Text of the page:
‘People are opposing us but nowhere in Quran it is said that a woman
can’t be a qazi. True, women can’t be Imams (one who lead prayers
in a mosque), but they can be qazis and help women’ (Yasmin, 2016).

Important Features of the Andolan


It appears from BMMA’s note, ‘Bharatiya Muslim Mahila Andolan:
Justice, Equality, Wisdom, Compassion, Freedom’ note it works both
at the local and pan-Indian levels. The essence of the training and
conducting surveys bear testimony to a fine collaboration between
the local and national levels. In fact, it will not be an exaggeration to
say that the crux of its advocacy power at the policy level lies in the
sheer number of its members – 70,000. What is even more import-
ant is that common Muslim women, defying the patriarchal notion
of a traditional Muslim family (of course not everyone belongs to
the highly orthodox, oppressive family structure), have come out to
become a part of the Andolan that calls for a transformation of the
traditional understanding of Islam and putting forth a more humane
face of the religion. The intense network of BMMA workers in differ-
ent states is helping in making this possible.

Lessons Learned
After talking to Ms Zakia Soman, the following points can be men-
tioned as the lessons that can be drawn. BMMA is a Muslim wom-
en’s organization but it has been able to successfully break down the
patriarchal ‘stereotype’ of the Muslim community. BMMA’s work-
ing pattern shows that it seems to have grasped the intersectionality
between gender, religion and patriarchy as a first step in building a
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sures was to prevent the exodus of the dalits from the Hindu fold.’ This,
he concludes was an instance of active state intervention to consolidate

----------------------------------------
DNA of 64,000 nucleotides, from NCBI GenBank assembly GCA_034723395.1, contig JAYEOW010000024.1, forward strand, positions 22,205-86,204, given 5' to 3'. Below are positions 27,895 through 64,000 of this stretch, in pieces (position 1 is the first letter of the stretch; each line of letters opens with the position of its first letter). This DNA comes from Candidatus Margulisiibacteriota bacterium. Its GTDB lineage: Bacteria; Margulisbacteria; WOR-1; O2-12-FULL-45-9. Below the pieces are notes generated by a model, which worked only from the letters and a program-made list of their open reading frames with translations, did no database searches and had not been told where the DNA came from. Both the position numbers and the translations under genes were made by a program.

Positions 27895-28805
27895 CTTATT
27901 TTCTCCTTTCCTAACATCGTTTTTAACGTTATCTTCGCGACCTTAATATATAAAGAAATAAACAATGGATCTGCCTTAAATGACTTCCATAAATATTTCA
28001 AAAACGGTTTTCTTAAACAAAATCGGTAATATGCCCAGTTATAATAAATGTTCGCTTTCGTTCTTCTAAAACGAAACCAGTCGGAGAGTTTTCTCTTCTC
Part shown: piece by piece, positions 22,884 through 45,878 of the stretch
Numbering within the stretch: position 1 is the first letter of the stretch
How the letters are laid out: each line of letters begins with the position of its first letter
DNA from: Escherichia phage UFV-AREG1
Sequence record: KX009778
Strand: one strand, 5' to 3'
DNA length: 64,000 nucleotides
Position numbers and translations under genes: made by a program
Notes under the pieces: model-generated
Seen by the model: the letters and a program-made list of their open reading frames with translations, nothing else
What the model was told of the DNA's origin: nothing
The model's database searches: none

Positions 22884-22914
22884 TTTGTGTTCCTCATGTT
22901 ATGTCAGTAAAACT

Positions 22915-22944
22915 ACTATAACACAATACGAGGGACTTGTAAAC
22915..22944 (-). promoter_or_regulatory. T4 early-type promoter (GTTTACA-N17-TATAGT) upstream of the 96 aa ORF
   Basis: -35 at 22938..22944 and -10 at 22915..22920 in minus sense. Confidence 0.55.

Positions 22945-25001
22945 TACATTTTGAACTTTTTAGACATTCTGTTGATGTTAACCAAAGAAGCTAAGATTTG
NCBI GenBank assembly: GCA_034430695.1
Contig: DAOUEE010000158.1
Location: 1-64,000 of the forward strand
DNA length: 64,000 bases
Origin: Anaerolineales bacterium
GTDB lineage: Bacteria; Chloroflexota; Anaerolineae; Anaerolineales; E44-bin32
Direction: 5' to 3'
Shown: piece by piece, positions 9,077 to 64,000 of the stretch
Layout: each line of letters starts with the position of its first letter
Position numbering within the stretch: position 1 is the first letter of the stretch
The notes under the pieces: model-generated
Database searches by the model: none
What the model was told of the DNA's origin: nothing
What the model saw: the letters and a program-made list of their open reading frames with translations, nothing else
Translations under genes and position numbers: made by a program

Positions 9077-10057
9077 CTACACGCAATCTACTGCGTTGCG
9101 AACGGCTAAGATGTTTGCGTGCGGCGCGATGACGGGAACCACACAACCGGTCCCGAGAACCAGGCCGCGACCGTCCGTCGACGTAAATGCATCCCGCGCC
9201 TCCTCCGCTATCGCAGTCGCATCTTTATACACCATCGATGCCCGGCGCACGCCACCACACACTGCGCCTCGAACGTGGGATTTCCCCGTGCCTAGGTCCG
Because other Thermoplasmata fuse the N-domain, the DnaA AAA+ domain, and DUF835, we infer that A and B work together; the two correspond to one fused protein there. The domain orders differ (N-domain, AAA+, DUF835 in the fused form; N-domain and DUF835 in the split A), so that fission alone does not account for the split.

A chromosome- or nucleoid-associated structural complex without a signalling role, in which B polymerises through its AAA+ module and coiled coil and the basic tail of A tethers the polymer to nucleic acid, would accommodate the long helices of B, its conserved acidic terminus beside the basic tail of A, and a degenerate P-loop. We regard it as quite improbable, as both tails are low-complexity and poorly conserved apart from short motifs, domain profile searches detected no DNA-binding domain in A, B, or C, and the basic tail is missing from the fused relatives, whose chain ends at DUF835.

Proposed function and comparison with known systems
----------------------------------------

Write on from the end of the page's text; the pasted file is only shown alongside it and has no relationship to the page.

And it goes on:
the Hindu identity (Singh, 2005: 915). In any case, Explanation II of
the article (situating Sikhs, Jains and Buddhist under the wider Hin-
du category) reflects a Hindu assimilationist perspective towards these
communities in India. We have seen in our own assessment elsewhere of
this formulation of Hindu, how the definition favours the majority faith
at the expense of other ‘non-indigenous’ faiths.

iii. There is also Article 48, a Directive Principle that urges the state to,
among other things, endeavour to prohibit the slaughter of cows and
calves and other milch and draught cattle. Insertion of this clause, ac-
cording to Singh (2005: 917), is ‘an unmistakable reflection of the re-
ligious preferences and powers of the dominant upper caste Hindus
among the constitution makers.’

iv. Finally Articles 343 and 351, on Hindi in Devnagiri script being adopt-
ed as the official language of the union and the directive to develop the
Hindi language respectively. According to Singh (2005: 917), ‘the im-
portance accorded to Hindi language and especially to the Devnagiri
script and the Sanskrit language in the constitution reflects the strong
pro-Hindi and pro-Hindu bias of a very powerful section among the con-
stitution makers.’

In this formulation, it is these Hindu underpinnings of the Indian Con-


stitution, despite its clear progressive elements that seem to have compro-
mised the essence of secularism as it affects citizens – equality and non-dis-
crimination and also why minority rights in India have been interpreted as
being mostly about cultural autonomy, with little to show on effective par-
ticipation of minorities – in decision making at the national and local lev-
els. Our own conclusion, drawn from an empirical analysis in the previous
sections about the poor ability of the law to enforce equality and non-dis-
crimination, echo these arguments. Clearly mere claims of secularism and
multiculturalism are not going to go far enough, as evidence shows already.
Without clear cut safeguards and a strong regime of anti-discrimination it
will be difficult to ensure effective realization of minority rights in India.

Some other general conclusions


a. A survey of the state of religious minorities in India across the four mi-
nority rights,13 makes it clear that there is great variation in how religious

218
India
Is the Idea Unraveling?

... Good practice case study continued ...

struggle. Through its on-going struggle, BMMA has tried to portray


a face of the religion. Despite being a minority, BMMA works within
constitutional provisions. The emphasis on jiski ladai uski agwayi
(my struggle, my leadership) has been a good guiding principle. The
organization has been able to bring in several Muslim women as
social leaders as well as change makers in their personal lives. The
working pattern and the all-India nature of the campaigns confirm
that the campaigns are grounded in various local contexts, which en-
ables maximum participation of women.

BMMA as an independent civil society organization points out the